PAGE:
Hurt, after confirming with the men in the audience that they too did not take daily measures to prevent sexual assault, then prompted the women in the crowd to provide examples of the ways in which they guarded themselves against sexual violence. Unsurprisingly, Hurt received numerous responses from violence conscious women, including, but not limited to, not wearing provocative clothing, never walking alone, using the buddy system, not leaving one’s drink unattended, walking with keys to defend oneself, and keeping a method of self defense, like mace, in a purse. This exercise, according to Hurt, was to enlighten men to the constant dangers imposed on women by rape culture. “It serves me no good to stand up here and attack you for being male,” Hurt said of the activity. “That is not my point. My point is to help you think about the world that you live in, and how it is very different from the world that women are subjected to.”

By all accounts, Hurt is right in exposing men to some of the horrors of being a woman, and having to worry about potentially defending yourself from an attacker at any given moment. The issue underscoring Hurt’s lecture is his utter abstention of women from the discussion about sexual assault, with the exception of using them as objective examples to educate men. An unnamed female student-athlete articulated these sentiments: “I think what he said was important and needed to be said, but it was frustrating that this was supposed to be our big NCAA talk on sexual violence, and it wasn’t geared towards women at all. It was only geared toward men.”

As mentioned previously, this is the first year of the NCAA’s mandate that all individuals involved in varsity athletics must attend some sort of educational seminar on sexual violence. The athletic program had not yet been required to coordinate this type of education for each of the students and coaches in its program, so perhaps it is deserving of somewhat of a learning curve. Although, athletic administrators do give hour-long compliance presentations to each team at the beginning of each academic year, discussing subjects like hazing and academic policy, so they are no stranger to ensuring that each athlete receives hour-long, NCAA mandated educational seminars. Further, it appears that Hurt has given the exact same presentation multiple times, most recently presenting at St. Cloud State. Certainly, the athletic administration had a detailed idea of the material that was to be discussed in the presentation before contracting Hurt. Assuming they did, qualms about the exemplification of women as an objective male teaching tool were not considered, and set aside for convenience purposes. Though more difficult to coordinate, numerous other methods of in-house sexual violence education exist on campus. The GSC advertises “a great menu of hour-long workshops you can host,” that while perhaps more inefficient to coordinate, would likely come at a cheaper cost, and could have been tailored to educate both men and women more effectively than a program-wide presentation that distanced women from the conversation around sexual violence.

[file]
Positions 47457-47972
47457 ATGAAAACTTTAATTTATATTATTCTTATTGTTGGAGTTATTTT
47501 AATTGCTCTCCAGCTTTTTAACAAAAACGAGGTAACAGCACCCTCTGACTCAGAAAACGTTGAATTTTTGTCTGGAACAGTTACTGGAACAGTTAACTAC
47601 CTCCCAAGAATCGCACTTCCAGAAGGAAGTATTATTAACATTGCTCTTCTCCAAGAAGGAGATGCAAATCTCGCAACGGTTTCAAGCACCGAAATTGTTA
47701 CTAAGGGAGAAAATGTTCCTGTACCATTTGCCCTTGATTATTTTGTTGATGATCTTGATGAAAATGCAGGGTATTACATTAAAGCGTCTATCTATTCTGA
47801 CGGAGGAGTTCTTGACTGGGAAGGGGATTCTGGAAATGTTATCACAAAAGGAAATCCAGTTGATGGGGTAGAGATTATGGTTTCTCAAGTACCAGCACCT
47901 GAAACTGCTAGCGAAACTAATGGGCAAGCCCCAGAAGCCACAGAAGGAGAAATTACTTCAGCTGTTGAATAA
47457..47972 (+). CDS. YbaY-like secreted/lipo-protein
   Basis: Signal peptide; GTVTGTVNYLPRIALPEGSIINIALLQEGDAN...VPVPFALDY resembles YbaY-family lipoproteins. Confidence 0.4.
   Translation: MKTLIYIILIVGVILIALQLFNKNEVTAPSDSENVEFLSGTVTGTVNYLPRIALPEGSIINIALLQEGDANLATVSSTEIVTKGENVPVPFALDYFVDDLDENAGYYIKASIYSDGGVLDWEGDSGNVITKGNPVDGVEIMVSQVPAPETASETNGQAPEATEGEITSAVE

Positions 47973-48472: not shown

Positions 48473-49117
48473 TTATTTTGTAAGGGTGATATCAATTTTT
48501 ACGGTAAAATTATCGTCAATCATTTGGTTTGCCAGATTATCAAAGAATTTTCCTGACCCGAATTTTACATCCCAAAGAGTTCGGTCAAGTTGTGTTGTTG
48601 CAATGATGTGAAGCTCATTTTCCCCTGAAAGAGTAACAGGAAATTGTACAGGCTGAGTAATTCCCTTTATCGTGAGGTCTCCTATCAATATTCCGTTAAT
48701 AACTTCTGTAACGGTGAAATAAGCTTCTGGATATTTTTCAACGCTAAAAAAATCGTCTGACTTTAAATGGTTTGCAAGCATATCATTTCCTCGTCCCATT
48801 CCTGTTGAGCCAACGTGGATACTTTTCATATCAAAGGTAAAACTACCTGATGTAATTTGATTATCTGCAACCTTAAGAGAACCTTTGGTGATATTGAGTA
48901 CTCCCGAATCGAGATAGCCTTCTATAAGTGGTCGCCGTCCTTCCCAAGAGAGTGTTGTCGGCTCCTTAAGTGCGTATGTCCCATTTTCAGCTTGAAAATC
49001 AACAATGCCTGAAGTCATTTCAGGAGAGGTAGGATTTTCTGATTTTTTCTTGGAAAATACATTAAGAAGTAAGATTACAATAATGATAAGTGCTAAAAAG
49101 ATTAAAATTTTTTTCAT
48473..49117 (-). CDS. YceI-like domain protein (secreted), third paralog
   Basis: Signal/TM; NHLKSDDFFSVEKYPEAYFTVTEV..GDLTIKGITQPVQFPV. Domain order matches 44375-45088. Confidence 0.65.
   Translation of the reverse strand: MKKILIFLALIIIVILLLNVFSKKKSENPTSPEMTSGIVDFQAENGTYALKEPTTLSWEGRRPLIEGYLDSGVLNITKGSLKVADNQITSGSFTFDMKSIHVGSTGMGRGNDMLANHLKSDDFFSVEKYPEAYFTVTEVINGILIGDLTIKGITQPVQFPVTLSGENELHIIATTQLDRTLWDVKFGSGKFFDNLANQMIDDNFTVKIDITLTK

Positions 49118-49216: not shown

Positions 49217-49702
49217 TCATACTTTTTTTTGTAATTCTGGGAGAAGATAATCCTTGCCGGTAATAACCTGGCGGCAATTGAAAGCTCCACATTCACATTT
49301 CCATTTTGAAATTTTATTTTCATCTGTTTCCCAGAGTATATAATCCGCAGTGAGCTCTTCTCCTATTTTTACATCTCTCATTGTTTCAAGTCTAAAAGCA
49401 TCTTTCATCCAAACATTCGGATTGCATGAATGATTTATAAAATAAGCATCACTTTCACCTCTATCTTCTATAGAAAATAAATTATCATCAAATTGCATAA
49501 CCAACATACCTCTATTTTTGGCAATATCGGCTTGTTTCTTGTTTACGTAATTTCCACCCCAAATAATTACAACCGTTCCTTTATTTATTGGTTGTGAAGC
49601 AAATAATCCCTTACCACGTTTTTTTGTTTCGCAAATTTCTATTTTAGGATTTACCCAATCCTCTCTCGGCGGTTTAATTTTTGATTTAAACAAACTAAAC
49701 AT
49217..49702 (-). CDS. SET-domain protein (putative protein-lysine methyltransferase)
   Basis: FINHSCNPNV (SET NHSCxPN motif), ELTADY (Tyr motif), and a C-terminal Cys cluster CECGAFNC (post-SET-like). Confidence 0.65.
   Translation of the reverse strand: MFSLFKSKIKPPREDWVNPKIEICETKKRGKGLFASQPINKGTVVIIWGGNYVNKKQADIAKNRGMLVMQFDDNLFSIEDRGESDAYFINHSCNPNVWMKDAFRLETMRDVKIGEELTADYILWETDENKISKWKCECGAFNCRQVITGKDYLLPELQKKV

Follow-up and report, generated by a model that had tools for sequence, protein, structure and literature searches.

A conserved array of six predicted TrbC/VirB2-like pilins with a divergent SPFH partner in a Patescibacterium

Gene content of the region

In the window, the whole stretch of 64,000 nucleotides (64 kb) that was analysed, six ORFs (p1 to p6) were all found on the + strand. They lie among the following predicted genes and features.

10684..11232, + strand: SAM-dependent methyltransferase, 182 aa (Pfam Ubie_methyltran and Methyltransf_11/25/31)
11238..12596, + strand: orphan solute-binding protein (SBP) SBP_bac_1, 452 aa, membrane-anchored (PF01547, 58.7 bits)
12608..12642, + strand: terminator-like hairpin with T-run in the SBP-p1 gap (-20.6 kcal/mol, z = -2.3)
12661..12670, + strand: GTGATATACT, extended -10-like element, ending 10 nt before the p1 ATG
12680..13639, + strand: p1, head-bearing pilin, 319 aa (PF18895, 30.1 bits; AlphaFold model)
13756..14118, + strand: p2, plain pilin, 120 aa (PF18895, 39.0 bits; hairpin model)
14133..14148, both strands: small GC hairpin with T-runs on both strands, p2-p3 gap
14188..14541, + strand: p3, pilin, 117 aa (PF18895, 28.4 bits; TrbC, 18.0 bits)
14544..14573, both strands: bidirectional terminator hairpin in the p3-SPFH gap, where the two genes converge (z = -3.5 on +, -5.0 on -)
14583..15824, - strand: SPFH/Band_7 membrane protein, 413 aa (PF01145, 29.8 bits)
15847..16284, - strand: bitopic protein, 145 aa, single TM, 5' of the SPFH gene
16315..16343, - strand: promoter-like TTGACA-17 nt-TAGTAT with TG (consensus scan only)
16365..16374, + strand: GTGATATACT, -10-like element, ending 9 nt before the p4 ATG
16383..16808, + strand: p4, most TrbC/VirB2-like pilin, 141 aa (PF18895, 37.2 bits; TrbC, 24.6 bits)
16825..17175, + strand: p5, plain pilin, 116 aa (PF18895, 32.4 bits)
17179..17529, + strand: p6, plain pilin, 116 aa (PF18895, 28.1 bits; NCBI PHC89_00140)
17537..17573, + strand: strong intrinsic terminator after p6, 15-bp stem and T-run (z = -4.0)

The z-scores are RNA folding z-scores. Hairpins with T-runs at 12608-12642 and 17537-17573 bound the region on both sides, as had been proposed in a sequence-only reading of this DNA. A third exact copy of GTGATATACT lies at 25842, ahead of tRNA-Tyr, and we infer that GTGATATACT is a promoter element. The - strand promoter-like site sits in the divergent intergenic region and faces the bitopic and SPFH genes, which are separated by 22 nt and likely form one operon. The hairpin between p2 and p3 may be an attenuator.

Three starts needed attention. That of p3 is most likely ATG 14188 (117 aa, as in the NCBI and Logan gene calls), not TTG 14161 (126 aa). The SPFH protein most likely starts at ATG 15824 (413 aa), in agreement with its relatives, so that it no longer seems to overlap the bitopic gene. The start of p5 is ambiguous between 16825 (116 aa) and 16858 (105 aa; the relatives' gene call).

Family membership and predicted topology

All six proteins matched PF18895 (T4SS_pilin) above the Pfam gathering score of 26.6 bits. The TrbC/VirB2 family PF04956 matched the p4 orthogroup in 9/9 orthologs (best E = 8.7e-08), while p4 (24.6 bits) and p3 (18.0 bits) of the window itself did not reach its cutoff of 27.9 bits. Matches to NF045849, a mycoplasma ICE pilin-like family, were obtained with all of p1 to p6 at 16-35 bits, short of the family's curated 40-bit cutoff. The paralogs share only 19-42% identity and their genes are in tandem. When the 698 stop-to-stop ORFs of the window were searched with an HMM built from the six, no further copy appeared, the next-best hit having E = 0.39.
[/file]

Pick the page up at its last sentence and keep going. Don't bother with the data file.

Perhaps the most curious example of this male-only education phenomenon occurred at Hurt’s conclusion, where he asked the men in the crowd to stand up if they had a mother, sister, or female friend or other relative that they cared about, challenging those standing to consider the emotional distress they would feel if those that they cared about were the target of an act of sexual violence. This cemented the objectification of women in Hurt’s presentation as not humans deserving of rights, but as means to an end of teaching men about sexual violence. Men should not be interested in preventing sexual violence against women because they are mothers, sisters, and daughters, but because they deserve equal rights, respect, and equal treatment as their husbands, brothers, and sons.